The Fiji Sugar Corporation has announced that next season it will use a "Near Infra Red", or NIR system, to test cane quality when it arrives at the country's sugar mills.
The FSC says paying growers based on the weight of their produce has led to many growers using cane varieties which weigh heavily, but don't deliver a high sugar yield.
Chief Policy Officer of Australia's industry representative Canegrowers, Bernard Milford, told Radio Australia's Pacific Beat the new system will allow growers to make more informed choices about their varieties of sugar.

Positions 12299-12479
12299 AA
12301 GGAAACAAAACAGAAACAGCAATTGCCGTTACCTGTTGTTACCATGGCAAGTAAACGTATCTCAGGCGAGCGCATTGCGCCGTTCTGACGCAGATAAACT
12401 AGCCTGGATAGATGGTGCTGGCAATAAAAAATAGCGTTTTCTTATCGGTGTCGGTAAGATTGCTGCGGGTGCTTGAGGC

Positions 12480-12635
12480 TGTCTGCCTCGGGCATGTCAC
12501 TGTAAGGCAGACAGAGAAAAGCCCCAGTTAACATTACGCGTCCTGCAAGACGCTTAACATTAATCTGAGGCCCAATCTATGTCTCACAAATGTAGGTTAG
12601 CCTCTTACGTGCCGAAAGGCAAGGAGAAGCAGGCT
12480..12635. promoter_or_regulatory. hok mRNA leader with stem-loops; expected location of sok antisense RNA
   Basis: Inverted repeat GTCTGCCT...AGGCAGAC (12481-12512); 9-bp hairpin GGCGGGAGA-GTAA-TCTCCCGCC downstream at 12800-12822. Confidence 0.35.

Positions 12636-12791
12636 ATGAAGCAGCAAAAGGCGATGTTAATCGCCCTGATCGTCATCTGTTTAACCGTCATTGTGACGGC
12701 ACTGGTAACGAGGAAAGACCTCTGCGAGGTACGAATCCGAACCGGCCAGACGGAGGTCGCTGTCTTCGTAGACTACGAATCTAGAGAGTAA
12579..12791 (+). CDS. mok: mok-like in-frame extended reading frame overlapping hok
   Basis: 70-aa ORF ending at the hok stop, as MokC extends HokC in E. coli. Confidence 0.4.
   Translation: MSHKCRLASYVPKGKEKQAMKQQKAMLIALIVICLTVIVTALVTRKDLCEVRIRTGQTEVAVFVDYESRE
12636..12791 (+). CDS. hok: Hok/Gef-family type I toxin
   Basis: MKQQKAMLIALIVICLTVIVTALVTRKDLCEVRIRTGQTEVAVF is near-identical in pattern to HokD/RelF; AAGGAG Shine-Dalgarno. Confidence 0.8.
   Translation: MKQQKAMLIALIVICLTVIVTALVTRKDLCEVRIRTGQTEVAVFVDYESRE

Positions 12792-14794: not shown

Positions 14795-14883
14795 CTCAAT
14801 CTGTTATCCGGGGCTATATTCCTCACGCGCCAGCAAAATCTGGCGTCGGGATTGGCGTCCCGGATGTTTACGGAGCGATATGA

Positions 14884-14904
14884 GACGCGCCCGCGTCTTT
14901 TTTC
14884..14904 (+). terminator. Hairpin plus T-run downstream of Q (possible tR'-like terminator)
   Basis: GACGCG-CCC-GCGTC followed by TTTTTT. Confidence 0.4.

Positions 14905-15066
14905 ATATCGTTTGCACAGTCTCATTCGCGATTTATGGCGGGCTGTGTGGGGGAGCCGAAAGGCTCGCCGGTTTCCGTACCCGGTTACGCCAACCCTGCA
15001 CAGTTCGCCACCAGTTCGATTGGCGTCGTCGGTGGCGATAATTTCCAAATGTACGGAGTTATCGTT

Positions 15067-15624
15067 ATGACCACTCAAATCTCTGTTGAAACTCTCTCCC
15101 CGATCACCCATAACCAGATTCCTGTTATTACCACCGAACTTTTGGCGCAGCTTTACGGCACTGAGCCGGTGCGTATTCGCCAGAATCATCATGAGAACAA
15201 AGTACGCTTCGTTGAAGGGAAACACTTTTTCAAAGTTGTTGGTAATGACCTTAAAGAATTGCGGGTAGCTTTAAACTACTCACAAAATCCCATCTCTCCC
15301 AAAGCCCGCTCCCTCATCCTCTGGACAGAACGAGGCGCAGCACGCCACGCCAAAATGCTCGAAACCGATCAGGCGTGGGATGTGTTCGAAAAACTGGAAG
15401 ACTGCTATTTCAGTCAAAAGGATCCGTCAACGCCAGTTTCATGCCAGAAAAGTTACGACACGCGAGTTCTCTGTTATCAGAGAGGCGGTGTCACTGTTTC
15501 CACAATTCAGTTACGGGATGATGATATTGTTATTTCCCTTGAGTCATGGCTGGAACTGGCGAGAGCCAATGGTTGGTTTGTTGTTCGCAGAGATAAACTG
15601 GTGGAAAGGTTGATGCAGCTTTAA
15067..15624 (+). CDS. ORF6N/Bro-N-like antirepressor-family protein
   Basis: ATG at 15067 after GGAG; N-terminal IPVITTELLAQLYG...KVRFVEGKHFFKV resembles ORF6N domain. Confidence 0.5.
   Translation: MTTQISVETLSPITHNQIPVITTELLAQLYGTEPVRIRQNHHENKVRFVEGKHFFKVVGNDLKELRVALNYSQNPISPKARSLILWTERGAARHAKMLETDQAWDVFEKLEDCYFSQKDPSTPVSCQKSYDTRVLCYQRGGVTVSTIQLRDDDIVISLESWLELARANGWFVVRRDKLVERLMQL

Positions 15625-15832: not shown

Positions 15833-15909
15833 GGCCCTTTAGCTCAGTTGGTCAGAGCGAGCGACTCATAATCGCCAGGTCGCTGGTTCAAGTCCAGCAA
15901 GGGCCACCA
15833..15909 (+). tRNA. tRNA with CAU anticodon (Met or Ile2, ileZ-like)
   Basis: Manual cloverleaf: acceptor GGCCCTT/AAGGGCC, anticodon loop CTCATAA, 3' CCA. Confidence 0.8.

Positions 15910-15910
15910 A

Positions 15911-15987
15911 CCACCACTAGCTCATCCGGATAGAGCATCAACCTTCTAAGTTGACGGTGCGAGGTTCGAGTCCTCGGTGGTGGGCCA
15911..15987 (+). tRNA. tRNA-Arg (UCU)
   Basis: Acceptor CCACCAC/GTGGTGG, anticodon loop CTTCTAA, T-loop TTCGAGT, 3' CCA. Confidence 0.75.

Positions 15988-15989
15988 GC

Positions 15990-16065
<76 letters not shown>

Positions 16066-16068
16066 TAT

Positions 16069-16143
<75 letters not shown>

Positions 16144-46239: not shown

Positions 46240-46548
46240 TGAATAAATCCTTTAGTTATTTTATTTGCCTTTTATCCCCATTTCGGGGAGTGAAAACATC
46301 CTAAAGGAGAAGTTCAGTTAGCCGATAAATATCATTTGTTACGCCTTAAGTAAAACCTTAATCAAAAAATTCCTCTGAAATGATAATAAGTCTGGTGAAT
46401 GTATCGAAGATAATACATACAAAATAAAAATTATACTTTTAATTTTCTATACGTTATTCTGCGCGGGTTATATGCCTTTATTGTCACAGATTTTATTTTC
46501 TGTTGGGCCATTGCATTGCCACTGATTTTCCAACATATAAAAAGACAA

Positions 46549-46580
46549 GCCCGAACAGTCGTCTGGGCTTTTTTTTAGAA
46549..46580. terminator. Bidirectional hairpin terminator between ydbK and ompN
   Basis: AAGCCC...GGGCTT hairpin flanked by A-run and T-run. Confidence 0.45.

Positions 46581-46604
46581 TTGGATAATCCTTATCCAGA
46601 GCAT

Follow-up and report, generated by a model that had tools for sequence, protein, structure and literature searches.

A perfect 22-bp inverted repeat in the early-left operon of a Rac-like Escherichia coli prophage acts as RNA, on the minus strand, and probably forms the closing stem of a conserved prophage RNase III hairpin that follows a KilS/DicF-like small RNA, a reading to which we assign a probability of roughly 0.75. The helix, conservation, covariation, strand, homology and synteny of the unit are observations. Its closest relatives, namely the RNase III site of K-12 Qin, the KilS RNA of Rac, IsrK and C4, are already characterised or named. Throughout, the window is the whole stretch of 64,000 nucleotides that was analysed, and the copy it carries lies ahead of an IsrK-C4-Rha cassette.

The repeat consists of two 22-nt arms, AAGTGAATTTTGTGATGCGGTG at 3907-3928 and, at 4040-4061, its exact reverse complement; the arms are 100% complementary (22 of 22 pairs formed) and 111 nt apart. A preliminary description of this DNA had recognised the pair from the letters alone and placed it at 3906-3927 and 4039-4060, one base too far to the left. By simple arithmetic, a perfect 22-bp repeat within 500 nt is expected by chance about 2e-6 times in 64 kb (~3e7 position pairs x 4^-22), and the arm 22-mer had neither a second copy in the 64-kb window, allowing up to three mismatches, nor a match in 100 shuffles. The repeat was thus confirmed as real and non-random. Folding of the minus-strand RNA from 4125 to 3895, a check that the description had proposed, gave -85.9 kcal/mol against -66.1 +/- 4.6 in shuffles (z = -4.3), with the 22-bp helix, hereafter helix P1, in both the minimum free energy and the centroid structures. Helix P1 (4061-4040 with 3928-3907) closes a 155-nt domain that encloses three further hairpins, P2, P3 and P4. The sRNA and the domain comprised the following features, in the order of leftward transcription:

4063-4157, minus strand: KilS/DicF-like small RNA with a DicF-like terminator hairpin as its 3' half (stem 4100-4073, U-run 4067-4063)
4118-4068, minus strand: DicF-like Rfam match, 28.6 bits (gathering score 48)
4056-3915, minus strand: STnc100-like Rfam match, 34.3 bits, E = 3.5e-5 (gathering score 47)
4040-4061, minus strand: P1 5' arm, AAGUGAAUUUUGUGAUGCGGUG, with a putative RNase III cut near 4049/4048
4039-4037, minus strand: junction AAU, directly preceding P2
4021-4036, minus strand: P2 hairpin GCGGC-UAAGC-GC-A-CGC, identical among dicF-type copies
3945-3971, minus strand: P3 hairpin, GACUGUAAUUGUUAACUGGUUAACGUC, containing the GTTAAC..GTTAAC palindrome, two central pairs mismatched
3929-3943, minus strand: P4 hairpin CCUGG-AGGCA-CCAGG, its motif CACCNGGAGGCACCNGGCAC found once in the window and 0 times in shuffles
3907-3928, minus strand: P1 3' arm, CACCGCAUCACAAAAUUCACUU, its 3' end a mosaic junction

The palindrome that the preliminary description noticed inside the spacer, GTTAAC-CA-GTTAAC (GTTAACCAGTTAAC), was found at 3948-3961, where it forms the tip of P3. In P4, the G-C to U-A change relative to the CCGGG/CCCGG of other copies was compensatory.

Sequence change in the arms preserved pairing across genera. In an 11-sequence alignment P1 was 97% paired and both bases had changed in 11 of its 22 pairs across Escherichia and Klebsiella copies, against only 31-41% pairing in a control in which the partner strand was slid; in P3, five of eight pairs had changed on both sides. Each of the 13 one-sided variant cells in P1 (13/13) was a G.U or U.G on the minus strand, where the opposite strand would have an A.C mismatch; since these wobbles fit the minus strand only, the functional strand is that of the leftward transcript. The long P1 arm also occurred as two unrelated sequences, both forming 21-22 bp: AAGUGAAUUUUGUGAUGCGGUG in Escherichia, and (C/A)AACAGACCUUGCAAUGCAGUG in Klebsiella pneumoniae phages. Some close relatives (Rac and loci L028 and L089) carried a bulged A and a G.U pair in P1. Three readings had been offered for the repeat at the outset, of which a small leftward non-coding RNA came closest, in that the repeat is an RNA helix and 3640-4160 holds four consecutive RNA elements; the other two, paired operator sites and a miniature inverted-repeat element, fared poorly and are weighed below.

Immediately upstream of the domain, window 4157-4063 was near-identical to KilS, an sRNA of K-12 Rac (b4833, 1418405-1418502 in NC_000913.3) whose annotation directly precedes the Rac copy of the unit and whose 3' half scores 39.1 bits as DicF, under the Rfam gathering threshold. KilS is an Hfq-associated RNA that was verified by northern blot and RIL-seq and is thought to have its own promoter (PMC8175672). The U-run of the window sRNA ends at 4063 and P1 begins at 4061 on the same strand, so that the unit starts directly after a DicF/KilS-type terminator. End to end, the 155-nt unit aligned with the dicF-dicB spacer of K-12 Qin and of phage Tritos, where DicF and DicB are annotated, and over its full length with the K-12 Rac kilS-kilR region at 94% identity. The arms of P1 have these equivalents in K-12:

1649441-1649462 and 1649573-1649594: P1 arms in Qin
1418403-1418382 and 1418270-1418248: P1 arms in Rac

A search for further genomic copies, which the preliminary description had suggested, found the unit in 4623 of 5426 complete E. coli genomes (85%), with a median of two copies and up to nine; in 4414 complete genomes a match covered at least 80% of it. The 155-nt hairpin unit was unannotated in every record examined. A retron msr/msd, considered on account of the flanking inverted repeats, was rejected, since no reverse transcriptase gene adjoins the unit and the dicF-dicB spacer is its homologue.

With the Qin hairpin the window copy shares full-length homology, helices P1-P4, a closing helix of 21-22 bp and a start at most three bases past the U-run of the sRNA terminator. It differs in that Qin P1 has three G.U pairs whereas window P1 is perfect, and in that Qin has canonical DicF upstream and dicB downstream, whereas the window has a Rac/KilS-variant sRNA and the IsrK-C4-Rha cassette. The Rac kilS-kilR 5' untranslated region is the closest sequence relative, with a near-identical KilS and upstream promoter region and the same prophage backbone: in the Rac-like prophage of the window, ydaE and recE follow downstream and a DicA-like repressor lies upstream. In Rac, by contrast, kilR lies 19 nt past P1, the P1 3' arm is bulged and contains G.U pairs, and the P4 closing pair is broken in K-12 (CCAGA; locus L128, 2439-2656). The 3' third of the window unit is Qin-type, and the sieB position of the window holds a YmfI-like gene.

"What the new system will allow them to do is to be able to say 'ah, this one yields well but the sugar content is no good', or vice-versa."
Mr Milford says the NIR system uses light to look at the spectrum of a sample and compares it mathematically with known samples.
The system can measure the sugar content and ash content in the cane.
He says although there may be some short-term pain for some growers, the system will be a win-win for the whole industry.
"When you have a system that moves from 'one price fits all' or 'one size fits all' to a system that rewards the good and penalises the bad it really does benefit everybody," Mr Milford said.
"If I'm doing better than the average it means I get paid for that. If I'm doing worse than the average and I improve, it means I get the value of my improvement."